What's the one characteristic someone needs for success? 

Be brave. I think so often, women especially wait for the perfect moment to start businesses. Being prepared is critical, but there is always going to be some level of risk and unknown. You have to jump in knowing that the first year will be tough. 

What's the story behind the name Chasing Paper? 

I wrote it down one day, in a long list of potential names, and I kept coming back to it.  

How did you fund your business when you first started? Did you have a business plan? 

Due to the fact that I print all orders on-demand, I hold no inventory.  This coupled with the ability to manufacture through my family's business meant startup costs were low – around $5,000 to build the website, creating designs, and doing a photo shoot so that we didn't have to Photoshop anything. That was a big differentiator. It was the industry standard to Photoshop the wallpaper into environment, but to me, that felt strange. Showing Chasing Paper in a real-life scene or project in natural light allows the customer to shop but also to be inspired. It has been a brand characteristic that I believe sets Chasing Paper apart.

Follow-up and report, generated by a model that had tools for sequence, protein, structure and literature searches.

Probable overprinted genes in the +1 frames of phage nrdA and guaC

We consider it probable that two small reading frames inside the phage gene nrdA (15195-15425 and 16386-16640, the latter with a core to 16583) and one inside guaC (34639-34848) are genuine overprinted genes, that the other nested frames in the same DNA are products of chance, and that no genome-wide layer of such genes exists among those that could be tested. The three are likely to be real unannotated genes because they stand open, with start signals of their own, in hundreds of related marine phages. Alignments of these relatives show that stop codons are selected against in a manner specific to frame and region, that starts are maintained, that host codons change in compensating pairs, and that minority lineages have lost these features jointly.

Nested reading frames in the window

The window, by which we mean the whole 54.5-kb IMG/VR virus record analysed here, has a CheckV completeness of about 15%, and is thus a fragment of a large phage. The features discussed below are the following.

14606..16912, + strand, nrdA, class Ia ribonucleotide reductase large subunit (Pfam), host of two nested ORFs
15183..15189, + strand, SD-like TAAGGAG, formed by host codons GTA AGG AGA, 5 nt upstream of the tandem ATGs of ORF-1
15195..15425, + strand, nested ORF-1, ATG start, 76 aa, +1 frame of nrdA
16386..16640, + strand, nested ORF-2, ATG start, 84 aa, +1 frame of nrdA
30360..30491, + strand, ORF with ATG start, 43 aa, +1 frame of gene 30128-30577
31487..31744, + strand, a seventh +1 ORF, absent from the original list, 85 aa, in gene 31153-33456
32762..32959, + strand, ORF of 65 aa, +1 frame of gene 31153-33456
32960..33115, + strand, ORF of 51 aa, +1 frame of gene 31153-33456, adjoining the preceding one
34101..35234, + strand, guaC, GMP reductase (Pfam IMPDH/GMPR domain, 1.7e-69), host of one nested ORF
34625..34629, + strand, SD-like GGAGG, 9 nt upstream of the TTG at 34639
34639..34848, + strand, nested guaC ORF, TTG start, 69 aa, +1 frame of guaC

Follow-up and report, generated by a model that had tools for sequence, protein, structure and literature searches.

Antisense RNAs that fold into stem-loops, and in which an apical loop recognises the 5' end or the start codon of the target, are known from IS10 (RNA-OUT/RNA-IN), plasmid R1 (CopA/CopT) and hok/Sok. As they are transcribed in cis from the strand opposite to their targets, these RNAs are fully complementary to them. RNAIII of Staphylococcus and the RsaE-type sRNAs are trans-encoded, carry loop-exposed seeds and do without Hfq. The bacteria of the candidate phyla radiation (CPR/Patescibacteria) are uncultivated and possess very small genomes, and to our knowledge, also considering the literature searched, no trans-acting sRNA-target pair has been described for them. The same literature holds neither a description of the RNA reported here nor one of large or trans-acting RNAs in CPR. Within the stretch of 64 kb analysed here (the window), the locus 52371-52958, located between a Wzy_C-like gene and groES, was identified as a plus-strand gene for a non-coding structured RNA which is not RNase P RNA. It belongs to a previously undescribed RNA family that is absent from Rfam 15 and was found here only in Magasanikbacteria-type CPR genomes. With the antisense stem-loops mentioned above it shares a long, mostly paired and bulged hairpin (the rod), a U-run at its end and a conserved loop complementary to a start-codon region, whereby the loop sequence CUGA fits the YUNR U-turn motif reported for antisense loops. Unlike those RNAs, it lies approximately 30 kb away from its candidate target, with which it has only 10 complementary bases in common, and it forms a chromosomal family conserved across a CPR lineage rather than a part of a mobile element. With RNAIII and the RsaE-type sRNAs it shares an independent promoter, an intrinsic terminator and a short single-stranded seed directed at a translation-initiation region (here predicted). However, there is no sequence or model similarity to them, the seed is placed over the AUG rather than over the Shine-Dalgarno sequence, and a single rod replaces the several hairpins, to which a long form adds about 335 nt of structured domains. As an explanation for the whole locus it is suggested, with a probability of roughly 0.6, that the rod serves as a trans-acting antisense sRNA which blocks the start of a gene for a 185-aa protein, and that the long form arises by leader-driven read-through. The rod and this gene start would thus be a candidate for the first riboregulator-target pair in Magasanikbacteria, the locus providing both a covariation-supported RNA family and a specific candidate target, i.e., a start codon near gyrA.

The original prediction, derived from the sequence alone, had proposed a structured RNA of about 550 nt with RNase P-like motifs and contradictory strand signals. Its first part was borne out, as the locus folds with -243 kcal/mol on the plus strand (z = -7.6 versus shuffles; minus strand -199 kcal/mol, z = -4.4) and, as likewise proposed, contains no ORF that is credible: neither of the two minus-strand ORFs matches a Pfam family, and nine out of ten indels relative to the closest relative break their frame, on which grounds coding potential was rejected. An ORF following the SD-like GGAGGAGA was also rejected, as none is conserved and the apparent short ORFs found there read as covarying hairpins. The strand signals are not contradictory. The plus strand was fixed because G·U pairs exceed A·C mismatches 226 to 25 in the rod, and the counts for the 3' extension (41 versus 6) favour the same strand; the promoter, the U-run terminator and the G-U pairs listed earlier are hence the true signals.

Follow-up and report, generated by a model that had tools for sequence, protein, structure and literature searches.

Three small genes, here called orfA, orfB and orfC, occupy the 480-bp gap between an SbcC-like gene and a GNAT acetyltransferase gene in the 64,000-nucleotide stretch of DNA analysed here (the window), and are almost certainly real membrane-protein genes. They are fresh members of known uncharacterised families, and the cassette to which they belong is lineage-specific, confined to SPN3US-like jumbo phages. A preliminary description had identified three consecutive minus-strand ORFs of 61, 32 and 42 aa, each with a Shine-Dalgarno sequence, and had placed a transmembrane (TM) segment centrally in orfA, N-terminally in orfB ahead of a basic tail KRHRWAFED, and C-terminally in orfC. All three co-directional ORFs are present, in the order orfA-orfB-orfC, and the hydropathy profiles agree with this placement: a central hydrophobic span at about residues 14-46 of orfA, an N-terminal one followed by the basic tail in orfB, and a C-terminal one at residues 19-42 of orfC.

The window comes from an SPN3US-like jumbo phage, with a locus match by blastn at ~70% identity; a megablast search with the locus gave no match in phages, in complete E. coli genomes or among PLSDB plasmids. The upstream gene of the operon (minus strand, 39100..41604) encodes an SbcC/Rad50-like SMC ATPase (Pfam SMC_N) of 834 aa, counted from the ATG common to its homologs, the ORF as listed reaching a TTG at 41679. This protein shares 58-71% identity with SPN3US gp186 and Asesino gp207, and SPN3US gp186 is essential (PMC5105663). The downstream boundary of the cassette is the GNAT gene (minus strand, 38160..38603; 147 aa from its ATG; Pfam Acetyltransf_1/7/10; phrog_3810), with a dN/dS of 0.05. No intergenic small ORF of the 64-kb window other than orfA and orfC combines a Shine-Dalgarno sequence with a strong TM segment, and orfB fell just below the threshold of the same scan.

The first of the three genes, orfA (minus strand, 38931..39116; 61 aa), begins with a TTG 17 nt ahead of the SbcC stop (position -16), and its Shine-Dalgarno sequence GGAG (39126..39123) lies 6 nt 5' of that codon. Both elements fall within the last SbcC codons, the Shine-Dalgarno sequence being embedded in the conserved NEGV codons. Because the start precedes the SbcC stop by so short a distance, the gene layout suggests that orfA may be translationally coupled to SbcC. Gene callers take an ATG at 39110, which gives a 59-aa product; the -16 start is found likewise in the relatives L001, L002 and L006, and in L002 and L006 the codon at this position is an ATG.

Do you attend any conferences or retreats geared toward entrepreneurs? 

Not before I launched, but have attended a few since I have been in business. The best one I have been to is Nearly Impossible. It's geared to folks with businesses that make physical products, which meant all the speakers and panelists were speaking to me directly. It felt very personal and really pushed me outside of my bubble.